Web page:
Award winning Top of the Lake film maker Jane Campion has directed an ANZ Bank campaign highlighting gender wealth disparity.

ANZ last week said it would keep contributing to the KiwiSaver accounts of staff members who went on parental leave in a bid to help what it said was an increasing gender gap for women's retirement savings.

New Zealand's largest bank, which is also the largest KiwiSaver provider, said from October it would continue to pay the employer contribution of KiwiSaver for both men and women while they take time off to have a family.

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During Campion's one minute, 40 second made-for-social-media film, young girls read out statistics highlighting women's career, pay, education disparity.

"Globally, less than 25 per cent of senior management roles are held by women."

"Women represent 40 per cent of the world's labour force, but control only a quarter of the world's wealth."

"31 million girls worldwide are still denied a primary education."

The film also features a fierce display from 8-year-old Japanese black belt Mahiro-chan Takaho.

8-year-old Japanese black belt Mahiro-chan Takaho features in Jane Campion's one minute, 40 second, made for social media film.
8-year-old Japanese black belt Mahiro-chan Takaho features in Jane Campion's one minute, 40 second, made for social media film.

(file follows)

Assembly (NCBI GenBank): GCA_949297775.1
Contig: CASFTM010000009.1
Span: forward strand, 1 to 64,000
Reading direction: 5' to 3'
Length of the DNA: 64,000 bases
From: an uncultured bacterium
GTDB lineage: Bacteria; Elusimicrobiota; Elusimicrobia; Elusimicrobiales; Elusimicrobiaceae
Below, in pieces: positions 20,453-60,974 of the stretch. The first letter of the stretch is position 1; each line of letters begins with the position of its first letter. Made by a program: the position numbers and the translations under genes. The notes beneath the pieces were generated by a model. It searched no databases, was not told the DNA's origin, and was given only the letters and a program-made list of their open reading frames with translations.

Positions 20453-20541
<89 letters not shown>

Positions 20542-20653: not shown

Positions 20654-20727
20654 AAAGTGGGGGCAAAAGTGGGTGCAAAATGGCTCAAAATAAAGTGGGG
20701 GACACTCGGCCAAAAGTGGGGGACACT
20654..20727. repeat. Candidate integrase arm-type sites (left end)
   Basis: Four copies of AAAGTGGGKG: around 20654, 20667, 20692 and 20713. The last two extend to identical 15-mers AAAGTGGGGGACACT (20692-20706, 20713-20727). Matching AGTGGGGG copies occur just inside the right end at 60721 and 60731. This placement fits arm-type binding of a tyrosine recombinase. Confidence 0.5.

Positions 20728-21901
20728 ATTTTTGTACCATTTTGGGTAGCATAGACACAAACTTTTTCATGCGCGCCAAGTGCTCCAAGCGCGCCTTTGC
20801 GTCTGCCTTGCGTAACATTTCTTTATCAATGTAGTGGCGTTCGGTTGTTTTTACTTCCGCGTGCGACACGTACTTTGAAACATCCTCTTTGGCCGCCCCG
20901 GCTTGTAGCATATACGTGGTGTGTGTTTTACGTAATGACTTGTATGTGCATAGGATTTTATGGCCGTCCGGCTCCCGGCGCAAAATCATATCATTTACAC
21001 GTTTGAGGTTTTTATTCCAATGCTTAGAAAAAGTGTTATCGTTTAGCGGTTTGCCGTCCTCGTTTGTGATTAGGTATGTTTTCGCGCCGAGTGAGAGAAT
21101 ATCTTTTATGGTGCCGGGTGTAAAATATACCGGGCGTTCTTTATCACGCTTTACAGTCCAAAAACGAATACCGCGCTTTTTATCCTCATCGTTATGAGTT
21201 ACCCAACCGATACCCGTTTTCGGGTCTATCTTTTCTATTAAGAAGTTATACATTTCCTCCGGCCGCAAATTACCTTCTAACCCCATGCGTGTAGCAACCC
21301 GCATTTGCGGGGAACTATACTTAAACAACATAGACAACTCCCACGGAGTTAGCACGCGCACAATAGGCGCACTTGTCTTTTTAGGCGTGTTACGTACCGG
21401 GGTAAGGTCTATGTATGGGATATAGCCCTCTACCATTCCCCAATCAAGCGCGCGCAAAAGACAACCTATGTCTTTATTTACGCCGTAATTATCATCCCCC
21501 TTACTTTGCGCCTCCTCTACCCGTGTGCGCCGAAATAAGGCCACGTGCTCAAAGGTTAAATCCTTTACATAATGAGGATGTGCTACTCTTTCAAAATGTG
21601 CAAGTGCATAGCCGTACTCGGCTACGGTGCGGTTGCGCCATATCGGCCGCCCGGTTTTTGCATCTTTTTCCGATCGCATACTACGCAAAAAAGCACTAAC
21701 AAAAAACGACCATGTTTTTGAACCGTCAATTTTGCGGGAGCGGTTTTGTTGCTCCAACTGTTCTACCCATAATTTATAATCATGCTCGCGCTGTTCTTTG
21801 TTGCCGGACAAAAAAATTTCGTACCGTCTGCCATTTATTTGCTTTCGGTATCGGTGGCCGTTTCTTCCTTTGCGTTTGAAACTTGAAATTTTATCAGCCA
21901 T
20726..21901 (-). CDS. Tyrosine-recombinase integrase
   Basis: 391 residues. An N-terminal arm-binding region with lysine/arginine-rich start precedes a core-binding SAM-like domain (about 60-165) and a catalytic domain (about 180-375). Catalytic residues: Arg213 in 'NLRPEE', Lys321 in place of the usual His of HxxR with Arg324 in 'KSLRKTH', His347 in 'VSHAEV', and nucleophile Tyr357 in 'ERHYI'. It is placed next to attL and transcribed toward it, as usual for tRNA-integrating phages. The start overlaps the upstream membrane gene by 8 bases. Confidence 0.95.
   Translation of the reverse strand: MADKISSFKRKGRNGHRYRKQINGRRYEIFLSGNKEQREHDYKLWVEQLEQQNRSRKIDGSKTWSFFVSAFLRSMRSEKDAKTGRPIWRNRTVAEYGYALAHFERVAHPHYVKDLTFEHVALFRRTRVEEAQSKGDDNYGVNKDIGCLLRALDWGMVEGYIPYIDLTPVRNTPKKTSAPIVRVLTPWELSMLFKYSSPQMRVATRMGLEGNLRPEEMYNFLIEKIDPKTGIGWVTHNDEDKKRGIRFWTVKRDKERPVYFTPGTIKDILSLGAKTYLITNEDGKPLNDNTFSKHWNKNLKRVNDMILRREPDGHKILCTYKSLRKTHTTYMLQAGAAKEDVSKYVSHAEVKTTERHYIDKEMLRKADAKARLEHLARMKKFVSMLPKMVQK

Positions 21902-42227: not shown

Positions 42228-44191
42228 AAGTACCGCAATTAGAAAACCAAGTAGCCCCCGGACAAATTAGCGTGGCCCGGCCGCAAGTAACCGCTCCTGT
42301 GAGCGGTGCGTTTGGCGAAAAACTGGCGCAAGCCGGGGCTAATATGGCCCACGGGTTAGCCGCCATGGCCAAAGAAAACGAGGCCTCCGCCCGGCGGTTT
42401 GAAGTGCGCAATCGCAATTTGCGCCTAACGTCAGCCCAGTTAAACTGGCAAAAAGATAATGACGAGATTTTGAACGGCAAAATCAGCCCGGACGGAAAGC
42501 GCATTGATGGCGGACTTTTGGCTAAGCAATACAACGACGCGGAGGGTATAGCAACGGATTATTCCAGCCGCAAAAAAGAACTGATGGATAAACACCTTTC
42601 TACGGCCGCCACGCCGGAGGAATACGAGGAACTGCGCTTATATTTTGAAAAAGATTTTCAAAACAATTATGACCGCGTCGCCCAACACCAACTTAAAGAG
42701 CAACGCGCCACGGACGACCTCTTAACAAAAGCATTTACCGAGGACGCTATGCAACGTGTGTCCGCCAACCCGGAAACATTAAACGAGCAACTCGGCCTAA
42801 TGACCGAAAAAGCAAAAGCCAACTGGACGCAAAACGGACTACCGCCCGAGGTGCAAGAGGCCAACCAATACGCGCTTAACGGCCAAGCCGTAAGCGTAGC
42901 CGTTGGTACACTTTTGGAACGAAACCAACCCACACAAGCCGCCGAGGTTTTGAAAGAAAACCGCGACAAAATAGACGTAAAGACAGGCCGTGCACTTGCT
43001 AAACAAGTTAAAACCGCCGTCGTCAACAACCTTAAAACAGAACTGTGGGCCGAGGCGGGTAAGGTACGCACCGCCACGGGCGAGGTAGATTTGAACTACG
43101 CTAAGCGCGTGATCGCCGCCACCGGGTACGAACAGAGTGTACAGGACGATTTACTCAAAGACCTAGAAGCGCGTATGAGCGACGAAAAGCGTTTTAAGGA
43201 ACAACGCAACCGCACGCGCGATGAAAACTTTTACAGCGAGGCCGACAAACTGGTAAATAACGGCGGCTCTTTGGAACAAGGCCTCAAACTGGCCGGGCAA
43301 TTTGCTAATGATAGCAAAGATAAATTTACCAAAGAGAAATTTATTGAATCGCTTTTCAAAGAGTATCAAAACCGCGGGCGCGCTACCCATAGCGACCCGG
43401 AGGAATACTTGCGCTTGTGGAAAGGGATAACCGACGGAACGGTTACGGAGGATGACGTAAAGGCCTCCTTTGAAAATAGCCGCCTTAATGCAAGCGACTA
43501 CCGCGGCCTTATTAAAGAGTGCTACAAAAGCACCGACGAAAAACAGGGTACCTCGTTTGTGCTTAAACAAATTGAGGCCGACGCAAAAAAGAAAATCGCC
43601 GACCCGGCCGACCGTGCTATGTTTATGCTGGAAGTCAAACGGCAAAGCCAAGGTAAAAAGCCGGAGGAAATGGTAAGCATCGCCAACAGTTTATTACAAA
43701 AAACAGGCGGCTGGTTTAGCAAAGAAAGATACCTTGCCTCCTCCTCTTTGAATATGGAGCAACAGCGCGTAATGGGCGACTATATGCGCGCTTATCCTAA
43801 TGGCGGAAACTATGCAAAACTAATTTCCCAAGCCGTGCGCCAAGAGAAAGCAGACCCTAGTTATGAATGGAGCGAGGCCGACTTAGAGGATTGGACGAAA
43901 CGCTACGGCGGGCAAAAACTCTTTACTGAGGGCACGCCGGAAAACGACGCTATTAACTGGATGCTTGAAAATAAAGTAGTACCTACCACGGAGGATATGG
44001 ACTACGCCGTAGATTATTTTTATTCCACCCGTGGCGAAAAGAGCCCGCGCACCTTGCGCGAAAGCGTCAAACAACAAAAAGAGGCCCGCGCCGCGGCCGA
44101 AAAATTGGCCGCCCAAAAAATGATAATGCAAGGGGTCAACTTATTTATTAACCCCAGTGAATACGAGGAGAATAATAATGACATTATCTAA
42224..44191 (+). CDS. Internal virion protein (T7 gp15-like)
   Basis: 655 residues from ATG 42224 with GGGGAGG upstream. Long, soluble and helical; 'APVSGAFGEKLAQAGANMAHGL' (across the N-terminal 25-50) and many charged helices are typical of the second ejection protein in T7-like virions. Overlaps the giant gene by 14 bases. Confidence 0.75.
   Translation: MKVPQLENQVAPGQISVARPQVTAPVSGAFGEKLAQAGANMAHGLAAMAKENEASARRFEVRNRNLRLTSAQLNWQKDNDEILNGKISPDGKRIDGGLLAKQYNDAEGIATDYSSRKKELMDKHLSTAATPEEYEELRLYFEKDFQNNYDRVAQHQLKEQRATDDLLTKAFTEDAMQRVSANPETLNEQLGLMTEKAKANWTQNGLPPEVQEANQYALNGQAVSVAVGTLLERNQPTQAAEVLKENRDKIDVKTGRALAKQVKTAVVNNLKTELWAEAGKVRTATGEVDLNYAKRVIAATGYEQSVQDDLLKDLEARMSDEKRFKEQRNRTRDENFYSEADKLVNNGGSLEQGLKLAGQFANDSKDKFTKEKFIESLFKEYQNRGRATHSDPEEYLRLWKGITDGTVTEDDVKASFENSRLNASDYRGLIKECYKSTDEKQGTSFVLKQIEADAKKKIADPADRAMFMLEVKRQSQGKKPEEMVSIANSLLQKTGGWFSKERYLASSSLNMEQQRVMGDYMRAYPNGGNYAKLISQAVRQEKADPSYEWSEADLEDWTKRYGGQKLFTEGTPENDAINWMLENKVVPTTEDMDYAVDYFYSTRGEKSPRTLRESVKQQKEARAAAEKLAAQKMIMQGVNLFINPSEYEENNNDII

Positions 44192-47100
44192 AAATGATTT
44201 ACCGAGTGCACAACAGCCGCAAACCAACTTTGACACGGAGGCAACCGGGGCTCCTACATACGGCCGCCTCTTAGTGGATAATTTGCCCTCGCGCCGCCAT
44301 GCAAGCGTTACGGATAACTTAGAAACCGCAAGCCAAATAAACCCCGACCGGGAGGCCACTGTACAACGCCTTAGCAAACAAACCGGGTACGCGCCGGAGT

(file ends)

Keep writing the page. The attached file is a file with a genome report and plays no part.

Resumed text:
ANZ spokeswoman Ana-Marie Lockyer said they were aware of a growing gap between women and men's retirement outcomes and KiwiSaver balances and where they were heading.

"It's not just a New Zealand problem, it's a global problem."

"The film by Jane Campion was commissioned with our global colleagues with that in mind.

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"Jane comes from an industry where it's pretty similar. I think only one in nine award-winning directors are female - she's hugely passionate about this herself."

Lockyer said ANZ would also donate $1 to an international women's development charity for every social media post featuring the hashtag #equalfuture, up to a maximum of AU$100,000 (NZ$110,886).

ANZ's announcement last week was made after it revealed research which claimed Kiwi women were likely to retire with $60,000 less than their male counterparts.

Under New Zealand law employees can apply to take up to a year off on parental leave each time they have a baby.

During that time people typically put their KiwiSaver contributions on hold meaning they are not eligible to receive their employer's contribution and may also miss out on the Government's $521 annual contribution if they don't top up the account themselves.

See a behind-the-scenes video here: